Neil K. Dawe1, W. Sean Boyd2, Terri Martin3, Shannon Anderson4, Margaret Wright5
1 Canadian Wildlife Service, retired; corresponding author; 5421 Robertson Road, Delta, B.C. V4K 3N2; e-mail: email@example.com
2 Environment Canada, Science and Technology, 5421 Robertson Road, Delta, B.C. V4K 3N2
3 City of Campbell River, 301 St. Ann’s Road, Campbell River, B.C. V9W 4C7
4 Fisheries and Oceans Canada, Ecosystem Management Branch – South Coast Area, 150-1260 Shoppers Row Campbell River V9W 2C8
5 Fisheries and Oceans Canada, Resource Restoration, 1965 Island Diesel Way, Nanaimo, B.C. V9S 5W8
Abstract: We document significant, negative changes in vegetation composition of intertidal marshes on constructed and natural islands in the Campbell River estuary between 1994 and 2012. We also provide compelling evidence that vegetation changes were caused primarily by resident Canada Geese. Of the 9 dominant plant species present in the estuary, all showed significant changes in frequency and/or mean cover values over time. Four species, Carex lyngbyei, Deschampsia cespitosa, Eleocharis palustris and Triglochin maritima, declined significantly in frequency or cover values. Five species, Juncus balticus, Potentilla egedii, Isolepis cernua, Lilaeopsis occidentalis, and Agrostis sp., showed significant increases in frequency or cover. In 1994, marshes on all islands, excluding higher elevations of Nunn’s Island, were dominated by C. lyngbyei. However, by 2012 all marshes were dominated by J. balticus. An estimated minimum of 12 tonnes of C. lyngbyei dry mass is being lost annually from island marshes as input to the estuarine food web, a result of the goose impacts to the marshes. Prior to the late 1980s, the Canada Goose was an uncommon bird in the Campbell River area. However, over the period 1991–2001 their winter numbers increased at a rate of 18% per year but now appear to have stabilized. The summer goose population on the Campbell River estuary now averages more than twice the Campbell River area winter numbers. That, coupled with banding data, suggests a moult migration may be occurring as geese move from southern regions of the island, and perhaps elsewhere, to the Campbell River estuary. If the island marshes on the estuary are to recover it will be necessary to reduce the number of Canada Geese to some small fraction of their current level or eliminate them altogether from the area.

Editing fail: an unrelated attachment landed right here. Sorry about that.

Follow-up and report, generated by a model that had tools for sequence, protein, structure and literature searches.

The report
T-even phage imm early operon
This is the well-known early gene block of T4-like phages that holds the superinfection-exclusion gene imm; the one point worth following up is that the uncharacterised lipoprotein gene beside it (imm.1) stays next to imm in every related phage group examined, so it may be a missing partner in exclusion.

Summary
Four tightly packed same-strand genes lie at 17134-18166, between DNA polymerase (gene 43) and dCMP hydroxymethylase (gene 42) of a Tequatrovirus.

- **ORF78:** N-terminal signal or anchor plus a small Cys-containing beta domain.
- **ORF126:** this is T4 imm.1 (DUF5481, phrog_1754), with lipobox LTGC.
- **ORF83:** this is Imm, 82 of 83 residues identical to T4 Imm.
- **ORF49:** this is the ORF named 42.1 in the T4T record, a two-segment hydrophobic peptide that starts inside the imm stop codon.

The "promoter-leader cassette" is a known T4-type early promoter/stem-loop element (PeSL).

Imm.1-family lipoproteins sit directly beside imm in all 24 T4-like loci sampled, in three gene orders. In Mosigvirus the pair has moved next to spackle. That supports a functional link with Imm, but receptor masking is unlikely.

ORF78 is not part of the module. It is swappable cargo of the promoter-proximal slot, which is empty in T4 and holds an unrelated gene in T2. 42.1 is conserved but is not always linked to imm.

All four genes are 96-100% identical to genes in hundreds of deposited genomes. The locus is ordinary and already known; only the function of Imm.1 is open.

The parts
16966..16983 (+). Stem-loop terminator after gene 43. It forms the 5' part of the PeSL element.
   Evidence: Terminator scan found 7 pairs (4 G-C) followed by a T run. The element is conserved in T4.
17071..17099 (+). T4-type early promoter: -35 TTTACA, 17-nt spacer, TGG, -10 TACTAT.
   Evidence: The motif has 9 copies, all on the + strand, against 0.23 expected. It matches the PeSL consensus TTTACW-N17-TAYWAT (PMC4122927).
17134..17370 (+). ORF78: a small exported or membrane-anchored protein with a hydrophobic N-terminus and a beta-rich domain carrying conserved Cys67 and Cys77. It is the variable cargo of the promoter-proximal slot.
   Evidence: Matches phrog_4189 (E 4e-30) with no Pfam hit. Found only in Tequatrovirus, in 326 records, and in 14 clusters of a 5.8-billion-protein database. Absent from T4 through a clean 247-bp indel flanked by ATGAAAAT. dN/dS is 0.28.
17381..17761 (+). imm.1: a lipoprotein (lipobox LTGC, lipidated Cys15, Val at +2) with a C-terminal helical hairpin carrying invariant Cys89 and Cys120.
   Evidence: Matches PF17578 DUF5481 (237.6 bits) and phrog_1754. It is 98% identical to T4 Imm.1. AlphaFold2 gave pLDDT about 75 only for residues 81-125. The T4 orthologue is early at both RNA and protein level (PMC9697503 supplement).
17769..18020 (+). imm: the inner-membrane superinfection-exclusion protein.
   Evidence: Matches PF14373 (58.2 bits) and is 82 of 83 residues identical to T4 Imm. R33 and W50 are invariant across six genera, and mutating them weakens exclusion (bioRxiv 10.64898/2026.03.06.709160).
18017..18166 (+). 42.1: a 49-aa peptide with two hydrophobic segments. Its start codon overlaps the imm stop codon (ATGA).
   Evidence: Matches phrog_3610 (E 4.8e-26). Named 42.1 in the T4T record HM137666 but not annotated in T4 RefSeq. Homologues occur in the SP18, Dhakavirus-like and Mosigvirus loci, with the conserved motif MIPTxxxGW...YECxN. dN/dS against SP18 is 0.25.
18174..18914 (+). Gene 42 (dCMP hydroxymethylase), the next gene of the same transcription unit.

Key Words: Agrostis sp., Branta canadensis, Campbell River estuary, Canada Goose, Carex lyngbyei, Deschampsia cespitosa, Eleocharis palustris, grazing, grubbing, impacts, Isolepis cernua, Juncus balticus, Lilaeopsis occidentalis, moult migration, Potentilla egedii, resident geese, Triglochin maritima, Vancouver Island.
Dawe, N. K. , W. S. Boyd, T. Martin, S. Anderson and M. Wright. 2015. Significant marsh primary production is being lost from the Campbell River estuary: another case of too many resident Canada Geese (Branta canadensis)? British Columbia Birds 25: 2–12. First published on-line April 2014.
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